"It's a massive honor to be able to represent Ireland," he said, but added that he is "pretty much on the breadline from what I'm doing".
Should he win, the Lahinch native said he intends to "put every cent back into surfing" and replace his seven broken boards.
The winners will be announced at the Billabong XXL Big Wave Awards in Anaheim, California on 4 May.
From the biggest rollers in years off Mullaghmore Head in Co Sligo to the Cliffs of Moher and even as far south as Kerry, Ireland has seen some of its best surf in a long time - and things are certainly looking up for an exciting summer on the waves.
#VOLVO OCEAN RACE - Has the Groupama sailing team adopted a new simplified watch system, keeping just one man on deck to handle the vessel - as demonstrated by Ireland's Damian Foxall in the video above?
Don't worry - it's just a prank for April Fool's Day yesterday!
The yacht and its full compliment of crew have rounded Cape Horn and are currently in overall second place as the Volvo Ocean Race fleet heads to Itajaí in Brazil on the fifth leg and longest passage of the race.
Groupama and PUMA are currently battling for first place on the leg, with Telefónica hot on their heels after making up 180 miles in just 36 hours with speeds near double those of the frontrunners.
#SURFING - It may have been too late for the postponed Tow-In Surf Session, but the big waves at Mullaghmore Head finally picked up this week - and some of the world's top surfers were there to take advantage of the swell.
As The Irish Times reports, an extreme weather system nicknamed the 'Viking storm' helped produced monster rollers on Thursday that are the biggest the area has seen in 15 years.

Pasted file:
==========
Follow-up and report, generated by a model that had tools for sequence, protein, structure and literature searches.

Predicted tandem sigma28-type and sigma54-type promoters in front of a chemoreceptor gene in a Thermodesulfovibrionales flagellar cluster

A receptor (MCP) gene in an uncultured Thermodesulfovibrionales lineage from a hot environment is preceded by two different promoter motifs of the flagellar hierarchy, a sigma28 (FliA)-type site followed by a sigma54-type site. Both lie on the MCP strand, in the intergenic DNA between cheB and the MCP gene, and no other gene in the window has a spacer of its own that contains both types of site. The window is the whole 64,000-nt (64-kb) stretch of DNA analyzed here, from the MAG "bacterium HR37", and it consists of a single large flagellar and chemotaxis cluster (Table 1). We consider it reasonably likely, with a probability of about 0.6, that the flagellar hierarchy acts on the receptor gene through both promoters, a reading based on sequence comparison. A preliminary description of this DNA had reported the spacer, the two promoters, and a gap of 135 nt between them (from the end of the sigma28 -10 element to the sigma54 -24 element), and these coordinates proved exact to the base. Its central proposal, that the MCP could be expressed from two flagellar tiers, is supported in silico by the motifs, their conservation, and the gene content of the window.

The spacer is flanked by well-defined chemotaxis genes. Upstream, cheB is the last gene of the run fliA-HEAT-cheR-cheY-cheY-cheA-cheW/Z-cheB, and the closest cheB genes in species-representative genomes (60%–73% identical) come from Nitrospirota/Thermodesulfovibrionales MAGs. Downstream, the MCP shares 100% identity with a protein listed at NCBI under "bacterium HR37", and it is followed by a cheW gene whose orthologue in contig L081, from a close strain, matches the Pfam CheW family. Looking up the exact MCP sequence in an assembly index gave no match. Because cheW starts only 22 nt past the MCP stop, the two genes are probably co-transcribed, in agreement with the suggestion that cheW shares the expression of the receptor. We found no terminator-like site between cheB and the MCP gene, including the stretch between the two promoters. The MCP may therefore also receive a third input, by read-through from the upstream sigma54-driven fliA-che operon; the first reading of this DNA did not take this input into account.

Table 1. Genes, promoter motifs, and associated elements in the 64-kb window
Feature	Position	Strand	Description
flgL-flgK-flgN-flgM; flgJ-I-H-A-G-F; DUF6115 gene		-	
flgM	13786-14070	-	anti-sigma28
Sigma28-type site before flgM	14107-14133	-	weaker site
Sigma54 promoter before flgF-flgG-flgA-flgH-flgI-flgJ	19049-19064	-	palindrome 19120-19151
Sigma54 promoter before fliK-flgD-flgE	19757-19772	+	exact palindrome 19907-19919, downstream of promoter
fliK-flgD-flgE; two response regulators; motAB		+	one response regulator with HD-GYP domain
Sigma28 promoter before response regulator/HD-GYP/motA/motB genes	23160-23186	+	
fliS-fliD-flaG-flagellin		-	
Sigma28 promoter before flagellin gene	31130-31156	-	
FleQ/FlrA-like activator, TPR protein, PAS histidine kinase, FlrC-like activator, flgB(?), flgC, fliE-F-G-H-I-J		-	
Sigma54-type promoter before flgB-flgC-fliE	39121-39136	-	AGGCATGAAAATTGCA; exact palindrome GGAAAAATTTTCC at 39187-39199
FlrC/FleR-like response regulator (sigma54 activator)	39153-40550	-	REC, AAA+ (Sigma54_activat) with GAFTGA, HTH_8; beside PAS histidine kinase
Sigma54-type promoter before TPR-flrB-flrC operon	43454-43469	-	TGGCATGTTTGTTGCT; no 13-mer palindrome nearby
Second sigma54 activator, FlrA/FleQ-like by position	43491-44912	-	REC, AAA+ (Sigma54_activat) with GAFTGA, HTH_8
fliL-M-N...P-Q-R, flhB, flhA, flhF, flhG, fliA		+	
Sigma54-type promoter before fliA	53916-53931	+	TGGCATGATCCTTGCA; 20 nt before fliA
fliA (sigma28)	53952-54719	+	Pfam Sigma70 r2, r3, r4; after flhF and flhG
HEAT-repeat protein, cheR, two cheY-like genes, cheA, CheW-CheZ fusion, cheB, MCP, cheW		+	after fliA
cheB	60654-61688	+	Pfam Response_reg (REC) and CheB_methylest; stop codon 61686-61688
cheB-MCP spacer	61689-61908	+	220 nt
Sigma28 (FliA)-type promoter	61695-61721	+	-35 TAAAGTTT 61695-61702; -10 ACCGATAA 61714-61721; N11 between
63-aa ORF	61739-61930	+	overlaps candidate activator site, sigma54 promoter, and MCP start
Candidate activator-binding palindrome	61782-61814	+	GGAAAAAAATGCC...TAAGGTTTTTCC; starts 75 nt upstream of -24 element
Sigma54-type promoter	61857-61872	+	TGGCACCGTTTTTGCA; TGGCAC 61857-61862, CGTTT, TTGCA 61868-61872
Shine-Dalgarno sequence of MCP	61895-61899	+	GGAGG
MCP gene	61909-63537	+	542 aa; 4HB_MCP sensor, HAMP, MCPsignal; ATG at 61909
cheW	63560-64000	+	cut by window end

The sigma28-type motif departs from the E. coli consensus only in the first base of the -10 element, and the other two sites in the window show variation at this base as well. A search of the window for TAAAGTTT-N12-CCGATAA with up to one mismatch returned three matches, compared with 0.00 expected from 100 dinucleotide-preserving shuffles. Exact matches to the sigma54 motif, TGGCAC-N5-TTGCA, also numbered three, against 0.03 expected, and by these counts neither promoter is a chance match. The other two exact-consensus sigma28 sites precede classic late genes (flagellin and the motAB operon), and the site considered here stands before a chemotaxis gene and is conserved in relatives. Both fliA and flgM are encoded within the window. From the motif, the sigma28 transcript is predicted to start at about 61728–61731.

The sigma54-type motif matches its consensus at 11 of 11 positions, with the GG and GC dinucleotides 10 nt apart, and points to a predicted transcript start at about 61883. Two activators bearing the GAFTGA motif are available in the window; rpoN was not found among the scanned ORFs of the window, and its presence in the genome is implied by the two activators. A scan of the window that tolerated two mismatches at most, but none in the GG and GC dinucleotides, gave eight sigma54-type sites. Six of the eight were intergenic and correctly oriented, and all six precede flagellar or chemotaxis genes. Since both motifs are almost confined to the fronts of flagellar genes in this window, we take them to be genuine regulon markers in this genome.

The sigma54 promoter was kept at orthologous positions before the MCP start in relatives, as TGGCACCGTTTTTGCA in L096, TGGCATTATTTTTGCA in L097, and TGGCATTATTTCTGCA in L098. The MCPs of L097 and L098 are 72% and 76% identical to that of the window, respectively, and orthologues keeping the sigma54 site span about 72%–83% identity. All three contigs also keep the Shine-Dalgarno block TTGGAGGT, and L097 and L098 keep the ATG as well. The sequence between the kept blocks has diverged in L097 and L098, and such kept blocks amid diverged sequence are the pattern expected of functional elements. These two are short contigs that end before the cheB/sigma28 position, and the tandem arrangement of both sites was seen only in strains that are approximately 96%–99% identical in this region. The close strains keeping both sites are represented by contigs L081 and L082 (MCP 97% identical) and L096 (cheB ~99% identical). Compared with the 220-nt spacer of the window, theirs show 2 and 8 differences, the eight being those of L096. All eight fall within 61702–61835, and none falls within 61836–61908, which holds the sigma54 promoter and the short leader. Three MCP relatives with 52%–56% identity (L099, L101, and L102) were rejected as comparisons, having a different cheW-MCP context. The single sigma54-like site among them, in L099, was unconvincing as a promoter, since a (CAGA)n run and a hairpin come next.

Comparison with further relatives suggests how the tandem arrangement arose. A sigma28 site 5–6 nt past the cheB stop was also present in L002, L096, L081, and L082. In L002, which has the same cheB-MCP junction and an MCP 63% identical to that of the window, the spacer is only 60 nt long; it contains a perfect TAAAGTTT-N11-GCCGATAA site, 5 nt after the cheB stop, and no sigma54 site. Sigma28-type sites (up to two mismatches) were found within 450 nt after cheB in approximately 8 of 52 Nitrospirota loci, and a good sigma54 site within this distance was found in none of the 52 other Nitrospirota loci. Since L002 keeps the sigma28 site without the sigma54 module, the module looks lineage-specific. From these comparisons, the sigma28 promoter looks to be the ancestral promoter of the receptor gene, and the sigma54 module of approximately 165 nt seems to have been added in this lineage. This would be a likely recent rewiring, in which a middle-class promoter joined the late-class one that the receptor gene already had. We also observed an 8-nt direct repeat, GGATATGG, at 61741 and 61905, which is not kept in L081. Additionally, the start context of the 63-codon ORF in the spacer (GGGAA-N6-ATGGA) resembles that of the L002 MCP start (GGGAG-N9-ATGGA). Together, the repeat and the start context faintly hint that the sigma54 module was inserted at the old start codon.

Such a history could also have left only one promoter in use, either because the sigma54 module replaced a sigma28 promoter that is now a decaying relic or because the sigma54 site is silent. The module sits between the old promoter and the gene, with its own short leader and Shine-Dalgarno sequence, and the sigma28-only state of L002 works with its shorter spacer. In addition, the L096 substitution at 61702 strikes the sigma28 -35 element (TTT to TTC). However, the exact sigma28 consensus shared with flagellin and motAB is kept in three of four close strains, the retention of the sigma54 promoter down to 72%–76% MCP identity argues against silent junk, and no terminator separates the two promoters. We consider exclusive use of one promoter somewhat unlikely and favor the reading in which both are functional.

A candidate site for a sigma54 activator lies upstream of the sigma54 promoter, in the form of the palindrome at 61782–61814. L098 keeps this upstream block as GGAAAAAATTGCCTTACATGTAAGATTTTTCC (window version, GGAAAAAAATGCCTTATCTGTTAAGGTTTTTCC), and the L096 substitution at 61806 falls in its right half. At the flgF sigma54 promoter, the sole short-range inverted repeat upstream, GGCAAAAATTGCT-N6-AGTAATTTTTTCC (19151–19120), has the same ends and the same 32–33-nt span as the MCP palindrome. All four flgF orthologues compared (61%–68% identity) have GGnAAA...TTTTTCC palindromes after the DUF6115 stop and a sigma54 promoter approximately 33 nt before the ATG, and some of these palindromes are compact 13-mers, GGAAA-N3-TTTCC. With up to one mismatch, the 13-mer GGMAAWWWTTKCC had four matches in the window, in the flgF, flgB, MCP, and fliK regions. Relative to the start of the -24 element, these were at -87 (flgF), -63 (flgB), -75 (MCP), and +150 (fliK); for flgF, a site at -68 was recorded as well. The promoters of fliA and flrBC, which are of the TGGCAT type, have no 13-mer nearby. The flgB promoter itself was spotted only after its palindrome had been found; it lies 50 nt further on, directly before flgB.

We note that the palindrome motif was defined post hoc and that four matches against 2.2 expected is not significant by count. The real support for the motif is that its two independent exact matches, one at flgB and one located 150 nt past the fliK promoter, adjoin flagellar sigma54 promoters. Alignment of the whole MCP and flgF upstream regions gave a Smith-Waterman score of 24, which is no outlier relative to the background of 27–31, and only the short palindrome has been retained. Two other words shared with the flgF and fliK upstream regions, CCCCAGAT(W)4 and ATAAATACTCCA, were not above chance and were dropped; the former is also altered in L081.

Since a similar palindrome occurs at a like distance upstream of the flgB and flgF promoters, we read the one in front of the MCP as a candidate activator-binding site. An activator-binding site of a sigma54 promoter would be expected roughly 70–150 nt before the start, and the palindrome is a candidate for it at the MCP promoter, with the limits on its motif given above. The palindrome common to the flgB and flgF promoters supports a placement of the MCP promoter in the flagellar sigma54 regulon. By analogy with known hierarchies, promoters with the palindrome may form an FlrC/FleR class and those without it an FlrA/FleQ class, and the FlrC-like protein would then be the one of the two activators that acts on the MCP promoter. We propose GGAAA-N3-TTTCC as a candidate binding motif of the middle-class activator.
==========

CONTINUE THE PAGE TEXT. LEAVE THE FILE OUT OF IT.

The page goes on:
Richie Fitzgerald described the scene as "very calculated madness", noting that a safety crew was on hand as the 16-strong group took on the "huge, unruly and very dangerous swell".
The Irish Times has much more on the story, while Surfer Today has more video of the last winter swell at Mullaghmore Head HERE.
#SURFING - Rip Curl has posted some stunning video of Irish-Australian surfing pro Mick Fanning and his teammates captured using a Matrix-style '30 camera array'.
The technique, described by Rip Curl as a "a technological world first", uses a line of GoPro HD video cameras shooting consistently as surfers ride towards and past it, capturing unique "frozen moments of time" that create a virtual 3D effect.
See more video of the Rip Curl team's 'Mirage Moments' on YouTube HERE.
The Times of Malta reports that McGahern - who was born in England but raised in Ireland before moving to Malta 17 years ago - entered the water at the Starfish Diving School before midnight last night, hoping to break the standing record of 11 hours and 46 minutes.
His previous attempt at the record was ended little more than an hour short of the record due to bad weather, but today's clear forecast has buoyed his confidence.
McGahern plans to pass the time by cleaning the seabed, assisted by a team of 16 safety divers, but he also intended to catch some sleep below the depths.
“I’ve slept underwater before," he said. "it’s not as difficult as you might think.”
McGahern, who previously held the warm water open sea dive record, is undertaking the challenge for Dar tal-Providenza, a home for the disabled on the Mediterranean island.